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Let $k$ and $N_1$ be positive integers and set $N=kN_1$. Partition $[N] := \{1,2,\ldots,N\}$ $k$ disjoint from $G_1,\ldots,G_k$ of each of size $N_1$, and let $\mathcal T(k,N_1)$ be a transversal of the $G_i$'s, i.e the collection of subsets of $[N]$ which contain exactly one element from each $G_i$. Note that $\mathcal T$ is isormophic to $G_1 \times \ldots \times G_k$ in an obvious way, and thus $|\mathcal T| = N_1^k$.

Let $x \in \{\pm 1\}^N$ be a random vector vector with iid Rademacher components. Fix $\theta \in [0,1)$, and define a random vector $y=(y_1,\ldots,y_N) \in \{\pm 1\}^N$ as follows:

  • Let $I_\theta$ a uniformly random subset of $[N]$ of size $\theta N$, drawn independently of $x$.
  • For any $n \in [N]$, set $$ y_n = \begin{cases}-1,&\mbox{ if }n \in I_\theta,\\ x_n,&\mbox{ else.} \end{cases} $$ Finally, let $z = x \odot y \in \{\pm 1\}^N$ be the component-wise product of $x$ and $y$, and define a random variable $Z$ by $$ Z := \sum_{T \in \mathcal T} z_T, $$ where $z_T := \prod_{t \in T} z_t$. Note that $Z$ is a random multilinear polynomial of total degree $k$.

My objective is to design $N_1$ and $k$ (as a function of $N$) such that $Z$ is as large as possible (and positive !) w.p $1-o(1)$ in the limit $N \to \infty$.

Now, it is clear that we can alternately write $$ Z = \prod_{1 \le i \le k} S_i, $$

where $S_i := \sum_{t \in G_i} z_t$. It is clear that

  • The $S_i$'s are iid.
  • Each $S_i$ is itself a sum of iid random variables which take values $\pm 1$, with $\mathbb P(z_t = 1) = 1-\theta/2$ and $\mathbb E\, z_t = 1-\theta/2 - \theta/2 = a := 1-\theta \in [0,1]$. Also, $\mathbb E S_i = a N_1$ and $$ \begin{split} \mathbb E S_i^2 &= \sum_{t \in G_i} \sum_{t' \in G_i} \mathbb E z_{t} \mathbb E z_{t'} = N_1 + \sum_{t' \ne t} a^2 N_1 + N_1(N_1-1)(1-\theta)^2\\ & = N_1(1-a^2) + a^2 N_1^2 = N_1(1-(1-\theta)^2) + (\mathbb E S_i)^2. \end{split} $$

It follows that $\mathbb E Z = (a N_1)^k$, and $$ \begin{split} \mathrm{var}(Z) &= \prod_{i=1}^k \mathbb E S_i^2 - \prod_{i=1}^k (\mathbb E S_i)^2 = ((aN_1)^2 + N_1(1-a^2))^k - ((a N_1)^2)^k\\ & = ((aN_1)^2)^{k}\left(\left(1 + \frac{1/a^2-1}{N_1}\right)^k - 1\right) = (\mathbb E Z)^2 R(Z), \end{split} $$ where $R(Z) := \mathrm{var}(Z) / (\mathbb E Z)^2 = \left(1 + \dfrac{c}{N_1}\right)^k - 1$, with $c := 1/a^2 - 1 \ge 0$. Now, one computes

$$ 0 \le \left(1 + \frac{c}{N_1}\right)^k - 1= \left(\left(1 + \frac{c}{N_1}\right)^{N_1}\right)^{k/N_1} - 1 \le e^{ck/N_1} - 1. $$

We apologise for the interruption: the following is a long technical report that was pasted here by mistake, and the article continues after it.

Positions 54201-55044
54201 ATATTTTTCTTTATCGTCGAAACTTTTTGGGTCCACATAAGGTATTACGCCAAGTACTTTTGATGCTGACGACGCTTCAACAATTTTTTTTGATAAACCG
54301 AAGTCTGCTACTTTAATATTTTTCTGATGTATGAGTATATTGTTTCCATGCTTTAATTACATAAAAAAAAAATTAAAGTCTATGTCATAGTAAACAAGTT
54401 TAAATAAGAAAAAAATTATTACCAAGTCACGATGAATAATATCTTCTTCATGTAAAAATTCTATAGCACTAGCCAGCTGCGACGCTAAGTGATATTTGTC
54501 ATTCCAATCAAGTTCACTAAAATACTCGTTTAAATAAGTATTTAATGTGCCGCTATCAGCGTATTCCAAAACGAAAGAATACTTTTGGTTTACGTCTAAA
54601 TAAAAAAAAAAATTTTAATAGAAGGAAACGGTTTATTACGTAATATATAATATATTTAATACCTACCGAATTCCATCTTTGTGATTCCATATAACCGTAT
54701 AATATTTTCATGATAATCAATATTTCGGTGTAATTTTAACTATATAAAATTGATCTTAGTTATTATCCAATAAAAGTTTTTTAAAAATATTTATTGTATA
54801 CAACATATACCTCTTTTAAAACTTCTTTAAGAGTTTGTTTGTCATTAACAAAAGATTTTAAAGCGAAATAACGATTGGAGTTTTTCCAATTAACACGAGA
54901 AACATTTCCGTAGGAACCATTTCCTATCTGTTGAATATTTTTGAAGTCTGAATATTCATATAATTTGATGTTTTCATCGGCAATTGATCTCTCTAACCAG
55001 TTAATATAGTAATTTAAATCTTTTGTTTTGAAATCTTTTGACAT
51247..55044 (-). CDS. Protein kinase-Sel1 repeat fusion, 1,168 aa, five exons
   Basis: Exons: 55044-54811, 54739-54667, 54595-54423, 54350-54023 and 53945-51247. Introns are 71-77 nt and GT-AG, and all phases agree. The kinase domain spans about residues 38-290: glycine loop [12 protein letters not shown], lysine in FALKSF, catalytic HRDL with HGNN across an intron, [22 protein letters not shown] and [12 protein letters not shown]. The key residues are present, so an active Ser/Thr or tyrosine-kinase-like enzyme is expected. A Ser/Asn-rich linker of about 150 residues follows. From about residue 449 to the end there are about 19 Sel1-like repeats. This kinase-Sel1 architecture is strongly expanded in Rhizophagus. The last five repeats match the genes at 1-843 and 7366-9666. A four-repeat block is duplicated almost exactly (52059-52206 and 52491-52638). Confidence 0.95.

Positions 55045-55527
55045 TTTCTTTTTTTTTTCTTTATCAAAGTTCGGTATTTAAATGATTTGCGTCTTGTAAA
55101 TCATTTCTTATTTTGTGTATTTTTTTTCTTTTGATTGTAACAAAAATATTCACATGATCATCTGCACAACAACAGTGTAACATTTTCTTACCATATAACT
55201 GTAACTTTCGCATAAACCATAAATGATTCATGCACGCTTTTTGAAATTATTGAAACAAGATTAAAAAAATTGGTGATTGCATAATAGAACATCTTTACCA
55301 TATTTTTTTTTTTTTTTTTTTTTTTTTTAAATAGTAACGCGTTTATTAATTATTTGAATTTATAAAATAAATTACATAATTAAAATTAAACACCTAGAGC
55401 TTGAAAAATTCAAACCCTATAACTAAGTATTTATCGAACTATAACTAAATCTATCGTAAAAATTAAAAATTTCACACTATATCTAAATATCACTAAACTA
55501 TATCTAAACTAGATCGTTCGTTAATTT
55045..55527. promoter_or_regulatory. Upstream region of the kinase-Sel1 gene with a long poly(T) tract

Thus, if $N_1 \to \infty$ such that $k = o(N_1)$ (i.e $k/N_1 \to 0$), then $R(Z) = o(1)$, and Chebyshev's inequality gives $$ \mathbb P(|Z-\mathbb EZ| \ge (1/2) \mathbb E Z) \le 4R(Z) = o(1). $$

We deduce that

Proposition 1. If $N_1 \to \infty$ such that $k=o(N_1)$, then $Z \asymp \mathbb E Z = (aN_1)^k$ w.p $1-o(1)$.

Question. Is there a concentration inequality for $Z$ which doesn't requiring that $k=o(N_1)$ ? In fact, is it possible to concentrate $Z$ in the regime $N_1 = o(k)$ ?

My hope is that it would be possible to go beyond the "$k=o(N_1)$" barrier by computing higher moments of $Z$, and then using a Chernoff-type bound, but I don't know how to go about this (the combinatorics seem to be quite involved).

Update: An idea

We can further write $z_t = 2 b_t - 1$, where $b_t$ is Bernoulli with parameter $p=1-\theta/2 \in [1/2,1]$. Thus, $S_i = \sum_{t \in G_i} (2b_t - 1) = 2 B_i - N_1$, where $B_i := \sum_{t \in G_i} b_t \sim \mathrm{Bin}(N_1,p)$. By well-known concentration results,

$$ \begin{split} \mathbb P(B_i \ge (1+t)N_1 p) &\le e^{-\frac{t^2p^2N_1}{2+t}},\text{ for all }t \gt 0,\\ \mathbb P(B_i \le (1-t)N_1 p) &\le e^{-\frac{t^2p^2N_1}{2}},\text{ for all }0 \lt t \lt 1. \end{split} $$

We deduce that, $$ \begin{split} \mathbb P(S_i \ge (2p(1+t) - 1)N_1) &\le e^{-\frac{t^2p^2N_1}{2+t}},\text{ for all }t \gt 0,\\ \mathbb P(S_i \le (2p(1-t)-1)N_1) &\le e^{-\frac{t^2p^2N_1}{2}},\text{ for all }0 \lt t \lt 1. \end{split} $$

Taking $t = q / \phi(N_1)$ with $q := \sqrt 2 / p$, we obtain for any $i$, it holds w.p $1-e^{-N_1/\phi(N_1)}$ that $S_i \ge ((2p-1)-q/\phi(N_1)) N_1 = (a-q/\phi(N_1))N_1$. A union bound then gives: w.p $1-\delta(N_1) = 1 - ke^{-N_1/\phi(N_1)}$ it holds that $$ \frac{Z}{(aN_1)^k} \ge \left(1-\frac{q/a}{\phi(N_1)}\right)^k = \left(\left(1-\frac{q/a}{\phi(N_1)}\right)^{\phi(N_1)}\right)^{k/\phi(N_1)} =: R(N_1) $$

Now, we want $k$ to be as large as possible, and for the RHS of the above to be as large as possible too. We can achieve this by designing the function $\phi:\mathbb R_+ \to \mathbb R_+$ such that in the limit $N_1 \to \infty$,

  • $\delta(N_1) = e^{-N_1/\phi(N_1) + \log k} \to 0$, and
  • $\phi(N_1) \to \infty$ as fast as possible
  • $k = \phi(N_1)$.

To satisfy the above constraints it suffices to take

$$ \phi(N_1) = N_1/\sqrt{C\log N_1}, $$